Spirituality at the end of life

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Abstract

Purpose of review

There is increasing emphasis on medical care of the whole patient. This holistic approach encompasses supporting the spiritual or religious needs of the patient. Particularly at the end of life, spiritual concerns may come to the fore as patients recognize and accept their impending death. Physicians may also recognize this spiritual distress but may not be clear on how to provide spiritual support.

Recent findings

Tools to screen for spiritual concerns are available for physicians to use. Some physicians wish to go further, supporting patients at the end of life in their spiritual quest. Other physicians express concern about causing more distress to patients in a time of significant need. Descriptions of educational tools, as well as the difference between spiritual generalists and spiritual specialists have emerged. Integration of chaplains into the medical team caring for patients at the end of life will also enhance care of the whole patient.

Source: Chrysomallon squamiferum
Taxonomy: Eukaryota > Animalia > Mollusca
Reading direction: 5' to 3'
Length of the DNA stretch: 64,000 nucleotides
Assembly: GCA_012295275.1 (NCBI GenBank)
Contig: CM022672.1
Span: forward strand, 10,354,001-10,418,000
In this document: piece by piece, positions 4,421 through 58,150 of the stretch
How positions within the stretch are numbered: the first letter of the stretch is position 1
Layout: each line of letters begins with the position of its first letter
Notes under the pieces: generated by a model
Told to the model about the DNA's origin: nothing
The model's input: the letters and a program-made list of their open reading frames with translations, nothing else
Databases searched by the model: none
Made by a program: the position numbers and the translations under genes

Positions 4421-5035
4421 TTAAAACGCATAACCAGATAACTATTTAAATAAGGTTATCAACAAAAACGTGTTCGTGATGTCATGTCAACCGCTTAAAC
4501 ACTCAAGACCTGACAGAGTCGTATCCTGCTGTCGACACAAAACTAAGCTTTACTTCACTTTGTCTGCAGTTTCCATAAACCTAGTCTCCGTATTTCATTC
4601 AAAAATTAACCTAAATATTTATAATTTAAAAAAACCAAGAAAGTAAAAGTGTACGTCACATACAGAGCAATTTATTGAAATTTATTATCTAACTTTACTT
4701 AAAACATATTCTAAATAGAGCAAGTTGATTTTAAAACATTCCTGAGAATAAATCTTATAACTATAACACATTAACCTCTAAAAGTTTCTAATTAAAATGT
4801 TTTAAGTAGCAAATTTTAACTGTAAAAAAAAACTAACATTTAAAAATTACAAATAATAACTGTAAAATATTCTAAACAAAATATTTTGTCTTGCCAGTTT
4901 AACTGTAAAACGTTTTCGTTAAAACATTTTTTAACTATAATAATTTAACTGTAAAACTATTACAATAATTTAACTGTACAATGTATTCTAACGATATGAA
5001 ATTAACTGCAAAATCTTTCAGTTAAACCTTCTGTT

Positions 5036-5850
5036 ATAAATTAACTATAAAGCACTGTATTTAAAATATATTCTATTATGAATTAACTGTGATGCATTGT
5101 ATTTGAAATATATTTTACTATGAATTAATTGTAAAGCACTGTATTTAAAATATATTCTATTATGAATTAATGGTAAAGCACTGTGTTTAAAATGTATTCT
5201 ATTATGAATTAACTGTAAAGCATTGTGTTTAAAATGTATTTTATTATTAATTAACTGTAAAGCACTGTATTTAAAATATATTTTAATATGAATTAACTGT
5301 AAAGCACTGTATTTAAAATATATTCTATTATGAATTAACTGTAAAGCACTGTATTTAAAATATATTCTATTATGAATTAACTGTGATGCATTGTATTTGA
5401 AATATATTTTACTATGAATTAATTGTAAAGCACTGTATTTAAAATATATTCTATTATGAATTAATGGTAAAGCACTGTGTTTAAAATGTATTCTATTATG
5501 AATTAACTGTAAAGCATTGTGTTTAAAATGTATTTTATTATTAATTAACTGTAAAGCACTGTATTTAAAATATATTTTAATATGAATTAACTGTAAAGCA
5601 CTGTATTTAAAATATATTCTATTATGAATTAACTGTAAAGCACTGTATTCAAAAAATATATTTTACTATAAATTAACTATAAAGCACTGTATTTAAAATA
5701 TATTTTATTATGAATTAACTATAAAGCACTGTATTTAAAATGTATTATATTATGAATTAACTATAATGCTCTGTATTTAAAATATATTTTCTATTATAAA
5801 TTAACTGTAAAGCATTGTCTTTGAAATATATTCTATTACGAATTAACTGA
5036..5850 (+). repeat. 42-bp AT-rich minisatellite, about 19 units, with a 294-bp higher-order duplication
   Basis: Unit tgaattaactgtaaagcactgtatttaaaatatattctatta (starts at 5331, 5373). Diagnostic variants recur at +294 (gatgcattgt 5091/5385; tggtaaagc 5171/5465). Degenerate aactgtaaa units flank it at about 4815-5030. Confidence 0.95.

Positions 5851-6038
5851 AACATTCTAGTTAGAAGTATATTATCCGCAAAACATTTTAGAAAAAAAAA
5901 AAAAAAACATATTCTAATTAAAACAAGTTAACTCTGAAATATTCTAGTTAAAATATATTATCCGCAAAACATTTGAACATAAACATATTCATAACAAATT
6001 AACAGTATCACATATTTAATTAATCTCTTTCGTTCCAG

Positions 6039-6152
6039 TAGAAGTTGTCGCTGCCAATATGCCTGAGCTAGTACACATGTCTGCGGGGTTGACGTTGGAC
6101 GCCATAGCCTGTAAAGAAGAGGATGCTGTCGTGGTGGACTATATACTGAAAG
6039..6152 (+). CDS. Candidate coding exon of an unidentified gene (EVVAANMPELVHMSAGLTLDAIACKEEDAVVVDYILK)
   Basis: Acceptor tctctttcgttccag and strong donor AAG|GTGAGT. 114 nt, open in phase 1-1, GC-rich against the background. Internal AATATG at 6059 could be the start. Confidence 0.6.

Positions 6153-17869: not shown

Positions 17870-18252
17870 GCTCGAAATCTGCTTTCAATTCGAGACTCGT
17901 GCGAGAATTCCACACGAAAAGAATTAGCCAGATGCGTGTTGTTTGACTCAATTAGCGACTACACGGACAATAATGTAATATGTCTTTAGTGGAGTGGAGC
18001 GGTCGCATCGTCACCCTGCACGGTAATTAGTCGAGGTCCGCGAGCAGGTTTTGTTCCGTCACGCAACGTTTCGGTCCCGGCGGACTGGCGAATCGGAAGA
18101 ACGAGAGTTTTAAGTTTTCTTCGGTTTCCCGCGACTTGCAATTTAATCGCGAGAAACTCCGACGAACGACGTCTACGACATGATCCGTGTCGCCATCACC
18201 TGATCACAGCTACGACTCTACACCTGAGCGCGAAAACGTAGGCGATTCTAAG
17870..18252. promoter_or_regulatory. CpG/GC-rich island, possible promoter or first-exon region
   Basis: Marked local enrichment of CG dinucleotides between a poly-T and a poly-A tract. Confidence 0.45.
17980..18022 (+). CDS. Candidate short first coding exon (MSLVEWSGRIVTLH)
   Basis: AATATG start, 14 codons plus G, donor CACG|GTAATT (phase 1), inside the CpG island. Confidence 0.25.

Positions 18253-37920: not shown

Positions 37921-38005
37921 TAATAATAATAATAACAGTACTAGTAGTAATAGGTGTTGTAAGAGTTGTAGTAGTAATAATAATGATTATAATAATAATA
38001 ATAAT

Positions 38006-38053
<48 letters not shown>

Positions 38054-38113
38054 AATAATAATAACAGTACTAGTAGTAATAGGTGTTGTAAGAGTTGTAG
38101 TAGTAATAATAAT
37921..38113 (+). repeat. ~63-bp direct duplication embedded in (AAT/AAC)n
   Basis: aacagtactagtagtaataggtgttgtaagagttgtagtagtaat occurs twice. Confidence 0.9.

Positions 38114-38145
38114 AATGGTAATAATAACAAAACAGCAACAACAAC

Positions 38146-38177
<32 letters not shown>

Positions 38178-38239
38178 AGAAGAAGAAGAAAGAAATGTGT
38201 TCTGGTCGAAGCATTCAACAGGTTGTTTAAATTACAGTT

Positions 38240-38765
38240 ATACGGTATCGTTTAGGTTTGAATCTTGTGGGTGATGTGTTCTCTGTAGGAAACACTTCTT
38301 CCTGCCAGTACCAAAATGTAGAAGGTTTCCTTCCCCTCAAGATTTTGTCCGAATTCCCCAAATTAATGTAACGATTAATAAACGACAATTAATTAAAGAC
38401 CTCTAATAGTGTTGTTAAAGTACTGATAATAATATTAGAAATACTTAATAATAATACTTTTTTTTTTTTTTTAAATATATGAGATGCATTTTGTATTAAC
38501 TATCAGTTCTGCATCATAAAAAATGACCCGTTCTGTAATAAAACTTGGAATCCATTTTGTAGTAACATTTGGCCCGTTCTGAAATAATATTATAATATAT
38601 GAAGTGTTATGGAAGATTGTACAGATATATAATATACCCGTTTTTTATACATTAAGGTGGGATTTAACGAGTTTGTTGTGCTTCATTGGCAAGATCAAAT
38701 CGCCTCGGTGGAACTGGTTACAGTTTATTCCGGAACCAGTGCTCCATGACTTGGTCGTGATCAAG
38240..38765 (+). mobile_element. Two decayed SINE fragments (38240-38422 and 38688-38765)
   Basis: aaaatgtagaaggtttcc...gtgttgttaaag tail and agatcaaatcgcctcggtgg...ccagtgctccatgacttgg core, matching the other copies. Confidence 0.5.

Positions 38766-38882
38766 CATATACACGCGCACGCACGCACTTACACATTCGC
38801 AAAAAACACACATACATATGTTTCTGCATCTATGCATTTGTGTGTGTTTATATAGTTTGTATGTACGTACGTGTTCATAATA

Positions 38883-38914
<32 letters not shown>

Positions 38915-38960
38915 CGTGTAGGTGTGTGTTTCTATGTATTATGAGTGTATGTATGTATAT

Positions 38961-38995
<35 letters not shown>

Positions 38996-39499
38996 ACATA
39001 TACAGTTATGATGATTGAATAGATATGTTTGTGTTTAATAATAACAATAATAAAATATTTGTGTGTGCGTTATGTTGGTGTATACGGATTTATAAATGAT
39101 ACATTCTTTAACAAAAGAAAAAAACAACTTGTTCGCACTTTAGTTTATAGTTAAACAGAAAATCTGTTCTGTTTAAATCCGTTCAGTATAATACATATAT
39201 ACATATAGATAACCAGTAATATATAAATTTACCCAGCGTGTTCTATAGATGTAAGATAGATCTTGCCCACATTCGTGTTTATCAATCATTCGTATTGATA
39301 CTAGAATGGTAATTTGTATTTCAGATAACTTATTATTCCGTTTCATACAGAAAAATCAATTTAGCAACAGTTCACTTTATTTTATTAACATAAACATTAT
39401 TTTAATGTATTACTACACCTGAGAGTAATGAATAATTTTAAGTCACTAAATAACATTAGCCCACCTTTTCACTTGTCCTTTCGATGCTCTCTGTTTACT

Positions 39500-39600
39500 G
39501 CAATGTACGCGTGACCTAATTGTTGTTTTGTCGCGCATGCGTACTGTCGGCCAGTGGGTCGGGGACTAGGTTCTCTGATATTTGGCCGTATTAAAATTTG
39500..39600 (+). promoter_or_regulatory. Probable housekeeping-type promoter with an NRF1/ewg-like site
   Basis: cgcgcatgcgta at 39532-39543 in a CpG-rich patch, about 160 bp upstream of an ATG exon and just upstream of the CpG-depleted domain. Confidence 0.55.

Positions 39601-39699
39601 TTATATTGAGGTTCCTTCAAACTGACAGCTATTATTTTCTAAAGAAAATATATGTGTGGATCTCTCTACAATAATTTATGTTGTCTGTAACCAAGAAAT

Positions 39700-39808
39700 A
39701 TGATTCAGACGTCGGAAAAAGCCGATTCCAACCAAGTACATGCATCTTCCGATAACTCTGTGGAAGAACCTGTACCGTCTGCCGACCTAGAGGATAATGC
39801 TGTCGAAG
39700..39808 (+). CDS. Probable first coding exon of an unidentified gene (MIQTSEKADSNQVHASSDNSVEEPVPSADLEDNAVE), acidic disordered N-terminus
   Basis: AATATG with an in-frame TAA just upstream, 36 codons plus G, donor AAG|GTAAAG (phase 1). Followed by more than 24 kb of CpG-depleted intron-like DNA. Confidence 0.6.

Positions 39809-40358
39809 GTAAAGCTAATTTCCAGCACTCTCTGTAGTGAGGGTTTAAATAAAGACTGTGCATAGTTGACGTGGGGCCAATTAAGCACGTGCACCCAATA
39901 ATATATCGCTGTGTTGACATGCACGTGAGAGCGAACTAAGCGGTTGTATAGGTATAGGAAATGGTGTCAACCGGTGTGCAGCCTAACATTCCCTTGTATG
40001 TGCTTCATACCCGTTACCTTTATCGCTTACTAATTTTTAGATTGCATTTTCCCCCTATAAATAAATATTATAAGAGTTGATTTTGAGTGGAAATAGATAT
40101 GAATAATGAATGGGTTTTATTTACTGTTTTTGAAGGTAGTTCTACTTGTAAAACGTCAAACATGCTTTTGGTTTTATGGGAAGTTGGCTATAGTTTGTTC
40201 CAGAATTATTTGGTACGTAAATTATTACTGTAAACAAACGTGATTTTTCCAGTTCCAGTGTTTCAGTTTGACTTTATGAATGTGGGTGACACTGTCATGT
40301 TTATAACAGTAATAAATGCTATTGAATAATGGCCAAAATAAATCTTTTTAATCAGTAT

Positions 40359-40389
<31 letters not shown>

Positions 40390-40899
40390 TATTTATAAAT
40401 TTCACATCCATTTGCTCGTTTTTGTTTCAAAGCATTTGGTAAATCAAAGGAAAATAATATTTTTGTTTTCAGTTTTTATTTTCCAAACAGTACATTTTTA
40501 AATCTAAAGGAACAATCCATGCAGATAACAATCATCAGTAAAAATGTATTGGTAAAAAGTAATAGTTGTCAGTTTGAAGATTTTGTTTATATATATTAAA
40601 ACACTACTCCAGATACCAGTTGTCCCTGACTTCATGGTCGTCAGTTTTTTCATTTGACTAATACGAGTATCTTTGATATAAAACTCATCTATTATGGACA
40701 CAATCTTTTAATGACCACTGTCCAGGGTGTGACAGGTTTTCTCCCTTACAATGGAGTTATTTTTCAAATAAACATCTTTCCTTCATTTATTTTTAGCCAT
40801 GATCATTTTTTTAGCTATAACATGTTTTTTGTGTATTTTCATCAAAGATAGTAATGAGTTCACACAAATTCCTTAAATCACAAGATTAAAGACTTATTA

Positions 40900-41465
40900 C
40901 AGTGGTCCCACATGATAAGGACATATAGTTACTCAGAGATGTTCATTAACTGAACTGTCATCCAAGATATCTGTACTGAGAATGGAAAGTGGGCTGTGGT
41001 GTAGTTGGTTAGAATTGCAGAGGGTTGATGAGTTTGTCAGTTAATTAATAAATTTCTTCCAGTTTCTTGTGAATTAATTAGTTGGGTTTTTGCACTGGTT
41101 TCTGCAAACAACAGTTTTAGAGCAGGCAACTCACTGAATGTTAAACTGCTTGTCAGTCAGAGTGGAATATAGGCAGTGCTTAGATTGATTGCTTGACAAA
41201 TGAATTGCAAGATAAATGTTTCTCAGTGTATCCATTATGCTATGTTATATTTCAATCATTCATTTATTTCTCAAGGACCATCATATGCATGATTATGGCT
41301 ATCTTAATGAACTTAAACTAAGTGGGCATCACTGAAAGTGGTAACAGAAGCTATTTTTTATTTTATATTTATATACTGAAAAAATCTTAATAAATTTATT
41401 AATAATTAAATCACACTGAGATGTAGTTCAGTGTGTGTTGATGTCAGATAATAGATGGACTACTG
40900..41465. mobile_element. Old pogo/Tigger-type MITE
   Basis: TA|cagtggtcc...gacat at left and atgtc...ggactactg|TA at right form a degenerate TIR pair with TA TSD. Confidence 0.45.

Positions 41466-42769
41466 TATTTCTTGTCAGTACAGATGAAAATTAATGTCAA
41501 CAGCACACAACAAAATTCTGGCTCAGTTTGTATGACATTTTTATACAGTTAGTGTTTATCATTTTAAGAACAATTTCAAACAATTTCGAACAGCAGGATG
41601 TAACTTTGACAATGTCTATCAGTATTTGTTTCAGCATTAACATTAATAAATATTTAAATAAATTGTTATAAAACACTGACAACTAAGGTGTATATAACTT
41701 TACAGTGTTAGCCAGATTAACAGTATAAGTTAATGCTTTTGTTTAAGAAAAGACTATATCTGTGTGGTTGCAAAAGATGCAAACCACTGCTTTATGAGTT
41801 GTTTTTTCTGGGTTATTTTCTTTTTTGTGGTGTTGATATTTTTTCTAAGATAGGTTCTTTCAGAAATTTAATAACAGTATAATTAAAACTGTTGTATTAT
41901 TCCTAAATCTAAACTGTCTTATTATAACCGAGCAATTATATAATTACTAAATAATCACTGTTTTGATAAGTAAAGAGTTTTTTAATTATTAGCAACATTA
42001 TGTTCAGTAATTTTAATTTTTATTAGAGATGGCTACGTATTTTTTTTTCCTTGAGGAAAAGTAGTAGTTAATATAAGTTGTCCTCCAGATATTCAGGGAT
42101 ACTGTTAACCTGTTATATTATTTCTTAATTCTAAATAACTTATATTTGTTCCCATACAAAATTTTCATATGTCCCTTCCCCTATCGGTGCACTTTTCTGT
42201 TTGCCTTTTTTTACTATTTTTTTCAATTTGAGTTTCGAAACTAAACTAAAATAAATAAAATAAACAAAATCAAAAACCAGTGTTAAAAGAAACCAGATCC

Summary

The increasing emphasis on whole patient care is leading to increasing focus on spiritual concerns of patients. Although not every patient has an interest in spiritual conversation, most do and medical teams will need to become more educated about appropriate spiritual engagement.

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